What Can Make Media Buying and Planning Troublesome for You and How To Avoid It

Before diving right into the business of media buying specifics, let’s have a quick refresher of what media buying actually is. Media buying and planning involve the art of putting your ads in strategically chosen media showplaces and times so that they reach the widest range of your target audience possible using the least amount of resources on your behalf. Basically, it’s all about optimising between visibility, cost, and the nature of visibility offered. It’s highly analysis-driven. Did we call it an art? Well, since there’s so much analysis involved, we’d be much safer calling it an exact science.

In the past, media planning used to be easier, as there was less variety of media to choose from; your choices were limited to newspaper ads, maybe Broadway commercials, and branding on pickup trucks. However, with the advent of electronic media, there has been an explosion of media outlets that you could use to display your ads.  As the range of possibilities has expanded, so has the complexity of the practice. As a result, there are a lot of challenges that you as a media buyer or planner would have to undertake to make sure that you’ve invested in the right set of media outlets and optimised the portfolio as needed. Let’s look at some ways how you can avoid getting tangled up in the murky side of the business:

Never Compromise on Brand Safety

Brand safety is violated when your chosen media space also deals with purveyors of inappropriate content. It’s like finding your brand of teddy bears advertised right next to a video promoting ISIS. Obviously, things like these can severely damage your reputation. The ad environment matters enormously to the impact of your brand messaging. The best way to escape this is by picking outlets with the minimum number of layers; lesser the layers of branding, the less likely your brand message will be corrupted with other messages. It’s a good idea to have a look at published whitelists and blacklists. This can help you further pinpoint which outlets to buy and which to sell.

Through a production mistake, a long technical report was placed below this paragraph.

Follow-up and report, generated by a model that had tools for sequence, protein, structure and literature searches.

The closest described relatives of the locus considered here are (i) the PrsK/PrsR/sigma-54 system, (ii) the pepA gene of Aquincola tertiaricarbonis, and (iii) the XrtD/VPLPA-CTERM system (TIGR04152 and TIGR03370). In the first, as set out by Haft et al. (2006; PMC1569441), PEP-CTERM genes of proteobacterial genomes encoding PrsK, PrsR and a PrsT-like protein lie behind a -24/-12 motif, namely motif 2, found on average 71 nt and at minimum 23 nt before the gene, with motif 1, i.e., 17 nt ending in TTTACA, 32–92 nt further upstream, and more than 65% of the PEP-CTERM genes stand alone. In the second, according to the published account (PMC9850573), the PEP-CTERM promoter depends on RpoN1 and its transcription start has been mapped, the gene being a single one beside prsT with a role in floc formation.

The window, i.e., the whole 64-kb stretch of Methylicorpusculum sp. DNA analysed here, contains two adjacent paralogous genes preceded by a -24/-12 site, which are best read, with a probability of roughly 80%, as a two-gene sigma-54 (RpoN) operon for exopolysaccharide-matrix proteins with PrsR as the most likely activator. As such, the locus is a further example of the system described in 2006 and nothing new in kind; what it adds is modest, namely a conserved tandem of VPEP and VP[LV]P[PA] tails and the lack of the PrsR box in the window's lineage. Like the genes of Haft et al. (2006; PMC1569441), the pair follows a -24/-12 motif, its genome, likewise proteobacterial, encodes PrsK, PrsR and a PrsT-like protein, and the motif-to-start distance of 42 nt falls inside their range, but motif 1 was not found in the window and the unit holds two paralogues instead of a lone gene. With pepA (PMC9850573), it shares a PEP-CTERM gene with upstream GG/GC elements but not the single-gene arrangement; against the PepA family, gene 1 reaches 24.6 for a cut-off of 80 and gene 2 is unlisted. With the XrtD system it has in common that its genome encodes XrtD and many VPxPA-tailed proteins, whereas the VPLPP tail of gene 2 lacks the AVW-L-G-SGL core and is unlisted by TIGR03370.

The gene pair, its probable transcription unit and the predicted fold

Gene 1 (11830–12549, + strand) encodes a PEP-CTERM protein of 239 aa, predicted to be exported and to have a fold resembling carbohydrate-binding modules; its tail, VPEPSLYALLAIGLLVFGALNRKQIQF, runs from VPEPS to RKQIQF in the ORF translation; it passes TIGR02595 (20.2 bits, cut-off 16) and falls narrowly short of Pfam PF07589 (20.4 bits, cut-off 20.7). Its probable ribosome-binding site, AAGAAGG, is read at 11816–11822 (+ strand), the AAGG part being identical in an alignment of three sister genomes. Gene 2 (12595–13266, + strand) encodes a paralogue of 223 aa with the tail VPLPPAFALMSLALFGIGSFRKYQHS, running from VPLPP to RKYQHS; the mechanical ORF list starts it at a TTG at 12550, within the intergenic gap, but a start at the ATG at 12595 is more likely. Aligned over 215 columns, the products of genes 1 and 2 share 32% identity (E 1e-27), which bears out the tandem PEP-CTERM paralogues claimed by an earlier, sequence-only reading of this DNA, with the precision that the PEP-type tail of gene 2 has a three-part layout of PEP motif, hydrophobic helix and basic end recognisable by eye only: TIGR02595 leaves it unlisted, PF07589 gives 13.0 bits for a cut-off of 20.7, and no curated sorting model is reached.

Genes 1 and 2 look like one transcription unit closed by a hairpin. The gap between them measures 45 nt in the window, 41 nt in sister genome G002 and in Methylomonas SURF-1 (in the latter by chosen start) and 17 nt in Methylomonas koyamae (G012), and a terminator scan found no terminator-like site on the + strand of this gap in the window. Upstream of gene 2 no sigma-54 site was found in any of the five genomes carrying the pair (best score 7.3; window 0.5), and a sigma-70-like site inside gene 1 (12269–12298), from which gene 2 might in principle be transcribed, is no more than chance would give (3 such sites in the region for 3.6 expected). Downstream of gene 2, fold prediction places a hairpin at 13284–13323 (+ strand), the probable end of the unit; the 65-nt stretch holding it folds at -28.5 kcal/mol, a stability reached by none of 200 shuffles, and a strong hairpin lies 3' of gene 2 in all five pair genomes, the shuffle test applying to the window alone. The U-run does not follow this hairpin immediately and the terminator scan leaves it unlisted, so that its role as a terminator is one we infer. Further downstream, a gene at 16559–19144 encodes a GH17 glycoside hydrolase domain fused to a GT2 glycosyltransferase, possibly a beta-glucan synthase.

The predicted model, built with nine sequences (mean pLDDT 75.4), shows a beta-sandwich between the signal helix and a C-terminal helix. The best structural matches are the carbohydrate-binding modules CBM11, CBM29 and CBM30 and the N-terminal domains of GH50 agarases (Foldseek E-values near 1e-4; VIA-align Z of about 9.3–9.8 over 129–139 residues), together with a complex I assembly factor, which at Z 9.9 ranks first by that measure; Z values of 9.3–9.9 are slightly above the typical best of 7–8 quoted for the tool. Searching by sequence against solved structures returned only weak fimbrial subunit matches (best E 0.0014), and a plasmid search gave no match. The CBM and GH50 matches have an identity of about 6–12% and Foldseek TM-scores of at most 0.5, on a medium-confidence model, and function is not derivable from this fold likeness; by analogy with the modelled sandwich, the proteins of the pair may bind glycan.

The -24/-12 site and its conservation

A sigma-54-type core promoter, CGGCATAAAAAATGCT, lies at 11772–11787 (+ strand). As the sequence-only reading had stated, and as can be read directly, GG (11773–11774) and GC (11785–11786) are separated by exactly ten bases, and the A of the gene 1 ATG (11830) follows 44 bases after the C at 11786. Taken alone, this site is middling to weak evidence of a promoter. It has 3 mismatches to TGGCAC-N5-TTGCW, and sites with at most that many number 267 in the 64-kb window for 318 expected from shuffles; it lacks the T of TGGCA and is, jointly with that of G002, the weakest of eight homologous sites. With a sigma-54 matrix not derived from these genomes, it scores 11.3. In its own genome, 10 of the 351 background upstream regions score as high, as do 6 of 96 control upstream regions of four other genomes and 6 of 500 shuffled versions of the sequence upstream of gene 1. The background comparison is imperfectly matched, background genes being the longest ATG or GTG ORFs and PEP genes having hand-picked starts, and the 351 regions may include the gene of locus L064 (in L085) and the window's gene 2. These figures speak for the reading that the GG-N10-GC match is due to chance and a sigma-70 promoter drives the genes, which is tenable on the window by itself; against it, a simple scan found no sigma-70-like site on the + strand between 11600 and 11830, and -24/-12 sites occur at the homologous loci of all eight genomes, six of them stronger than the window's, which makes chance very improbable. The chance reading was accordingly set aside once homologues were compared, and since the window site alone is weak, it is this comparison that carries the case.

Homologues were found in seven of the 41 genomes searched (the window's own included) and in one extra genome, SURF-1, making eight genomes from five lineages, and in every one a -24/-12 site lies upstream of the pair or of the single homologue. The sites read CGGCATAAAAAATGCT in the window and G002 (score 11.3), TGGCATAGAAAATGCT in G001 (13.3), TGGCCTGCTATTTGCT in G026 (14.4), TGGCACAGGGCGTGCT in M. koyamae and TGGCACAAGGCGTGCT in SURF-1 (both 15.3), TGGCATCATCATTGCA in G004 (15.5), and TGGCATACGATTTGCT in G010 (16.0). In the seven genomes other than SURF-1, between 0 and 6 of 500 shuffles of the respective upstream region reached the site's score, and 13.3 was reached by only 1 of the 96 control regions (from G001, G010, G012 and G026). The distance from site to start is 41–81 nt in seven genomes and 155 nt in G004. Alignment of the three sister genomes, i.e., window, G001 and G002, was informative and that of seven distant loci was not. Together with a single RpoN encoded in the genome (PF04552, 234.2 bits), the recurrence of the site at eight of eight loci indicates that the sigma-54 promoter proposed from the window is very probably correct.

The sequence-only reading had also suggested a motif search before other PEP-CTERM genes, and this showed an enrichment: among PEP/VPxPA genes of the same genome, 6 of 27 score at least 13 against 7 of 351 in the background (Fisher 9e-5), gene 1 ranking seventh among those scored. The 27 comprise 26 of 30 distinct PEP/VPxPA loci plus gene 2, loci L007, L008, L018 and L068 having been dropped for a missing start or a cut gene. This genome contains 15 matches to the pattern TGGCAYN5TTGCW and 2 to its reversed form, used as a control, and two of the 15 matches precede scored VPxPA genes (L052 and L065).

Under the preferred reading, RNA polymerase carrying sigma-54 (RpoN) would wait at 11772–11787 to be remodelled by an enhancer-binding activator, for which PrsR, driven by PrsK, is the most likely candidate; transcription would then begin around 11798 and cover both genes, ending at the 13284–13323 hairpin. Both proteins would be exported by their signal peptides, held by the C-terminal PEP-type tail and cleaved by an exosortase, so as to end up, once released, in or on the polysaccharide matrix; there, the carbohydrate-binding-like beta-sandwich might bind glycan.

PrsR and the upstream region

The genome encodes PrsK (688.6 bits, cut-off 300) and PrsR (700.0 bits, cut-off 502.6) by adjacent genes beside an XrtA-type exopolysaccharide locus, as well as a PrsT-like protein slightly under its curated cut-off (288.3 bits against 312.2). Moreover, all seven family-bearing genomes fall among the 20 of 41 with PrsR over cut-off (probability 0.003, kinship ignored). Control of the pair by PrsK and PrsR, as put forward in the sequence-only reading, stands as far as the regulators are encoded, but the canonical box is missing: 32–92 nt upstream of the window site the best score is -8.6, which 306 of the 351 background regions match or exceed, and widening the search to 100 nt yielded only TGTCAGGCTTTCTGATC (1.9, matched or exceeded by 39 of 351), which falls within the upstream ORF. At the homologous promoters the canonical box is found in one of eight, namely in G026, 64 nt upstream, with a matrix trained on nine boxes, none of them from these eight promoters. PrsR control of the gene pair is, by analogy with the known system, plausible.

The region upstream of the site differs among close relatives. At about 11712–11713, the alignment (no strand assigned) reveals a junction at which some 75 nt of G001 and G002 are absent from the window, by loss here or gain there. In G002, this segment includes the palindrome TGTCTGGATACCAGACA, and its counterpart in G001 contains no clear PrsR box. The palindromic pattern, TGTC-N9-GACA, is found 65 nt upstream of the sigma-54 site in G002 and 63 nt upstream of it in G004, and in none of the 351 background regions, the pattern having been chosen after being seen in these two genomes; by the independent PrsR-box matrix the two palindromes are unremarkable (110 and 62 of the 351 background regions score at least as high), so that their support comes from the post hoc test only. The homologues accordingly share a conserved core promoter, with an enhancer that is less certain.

Learn to Avoid Ad Fraud

As automated programmatic advertising grows exponentially, an unfortunate consequence is the proliferation of ad fraud. As the process is automated, the customer doesn’t know where the ad will appear. The rule of thumb is, the less you pay, the riskier is the ad inventory sold to you. The best way to combat this is to make sure that even for low-cost, cost-per-click campaigns, you use standard, verified domains listed in ads.txt. If the seller isn’t offering you verified media options (by ads.txt), don’t accept it. Don’t be fooled by the ludicrously cheap prices that they offer. Go for value.

Do as Much Media Buying In-House as Possible

There are lots of obvious advantages to bringing all of your media buying activities inhouse. For instance, you have enhanced budgetary control, and since you’re operating with people who almost have the same business interests as you, you’re likely to shave off another layer of mystery.